Selkirk to Galashiels Pipeline
***Project Update - April 2020***
Following Scottish Government guidance, we took the decision in March that the majority of our planned work, including our capital investment programme, would be temporarily paused to protect public health.
In response to the latest guidance, reflecting the need to prioritise investment that is considered essential to the delivery of public services, we have established a regular review to identify projects that fall into this category. This has identified the need to restart our work on the Manse Street project in Galashiels in order to provide an improved and more resilient supply to over 20,000 households and businesses across the central Borders.
Work to complete the final 1.5km of pipeline through private land will start on Monday 4th May. We have also written to the small number of nearby residents to inform them of this work.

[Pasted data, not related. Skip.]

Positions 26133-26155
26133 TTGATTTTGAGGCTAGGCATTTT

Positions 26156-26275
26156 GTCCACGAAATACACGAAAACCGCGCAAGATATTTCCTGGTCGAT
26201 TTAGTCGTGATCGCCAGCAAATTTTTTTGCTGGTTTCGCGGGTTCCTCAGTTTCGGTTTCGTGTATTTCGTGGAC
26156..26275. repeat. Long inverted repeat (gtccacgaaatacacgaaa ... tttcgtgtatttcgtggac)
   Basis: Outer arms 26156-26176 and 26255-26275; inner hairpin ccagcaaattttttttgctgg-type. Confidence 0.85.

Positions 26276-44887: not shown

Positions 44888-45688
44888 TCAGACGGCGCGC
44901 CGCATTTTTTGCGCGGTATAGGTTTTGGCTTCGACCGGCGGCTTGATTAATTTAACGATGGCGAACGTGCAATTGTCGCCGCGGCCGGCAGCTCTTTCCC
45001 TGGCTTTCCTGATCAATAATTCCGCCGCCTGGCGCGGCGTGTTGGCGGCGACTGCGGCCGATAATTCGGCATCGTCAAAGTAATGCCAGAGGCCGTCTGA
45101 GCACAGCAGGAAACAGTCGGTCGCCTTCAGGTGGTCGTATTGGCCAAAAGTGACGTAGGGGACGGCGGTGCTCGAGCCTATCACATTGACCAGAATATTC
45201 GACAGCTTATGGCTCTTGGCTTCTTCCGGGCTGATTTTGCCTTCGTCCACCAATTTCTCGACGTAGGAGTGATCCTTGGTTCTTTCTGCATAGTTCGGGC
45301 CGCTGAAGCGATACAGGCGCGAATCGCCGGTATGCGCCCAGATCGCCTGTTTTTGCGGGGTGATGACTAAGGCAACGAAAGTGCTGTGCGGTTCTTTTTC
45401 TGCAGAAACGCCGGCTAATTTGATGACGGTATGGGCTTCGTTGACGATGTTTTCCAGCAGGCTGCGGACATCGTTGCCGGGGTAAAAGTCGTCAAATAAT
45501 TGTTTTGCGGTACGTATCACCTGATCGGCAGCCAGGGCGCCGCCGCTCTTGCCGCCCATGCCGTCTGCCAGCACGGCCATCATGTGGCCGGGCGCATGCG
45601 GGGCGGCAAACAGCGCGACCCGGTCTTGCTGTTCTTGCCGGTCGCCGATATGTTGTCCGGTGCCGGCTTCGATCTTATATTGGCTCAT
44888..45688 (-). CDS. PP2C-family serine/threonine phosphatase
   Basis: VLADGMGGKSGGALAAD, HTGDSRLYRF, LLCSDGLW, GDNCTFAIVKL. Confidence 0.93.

We are also looking at the possibility of starting up works on the Clear Water tank part of the wider investment project for the central borders area. However, we are still waiting for details on when this is likely to be. As soon as we have more information we will update the project page.
To find out more about Scottish Water's response to the Coronavirus, click here.
Overview of project
As part of our £30 million investment in the water network supplying Galashiels, Selkirk and the surrounding area we are constructing a new 7 mile/11.6km pipeline between Selkirk and Galashiels.
To date we have installed over 7km of new pipeline. Work is on-going on the tunnel under the River Tweed.
In order to avoid a gas main we will also be drilling under the A7 to a depth of 14 metres.
This pipeline will enable us to decommission Manse Street Water Treatment Works which takes water from the Caddon Water.
The pipe will cross local roads and will require short periods of traffic management. We will work to keep disruption to a minimum during this work.
Signs will be erected before the work to inform the community.
The pipe will take over 5 million litres of water from south to north each day.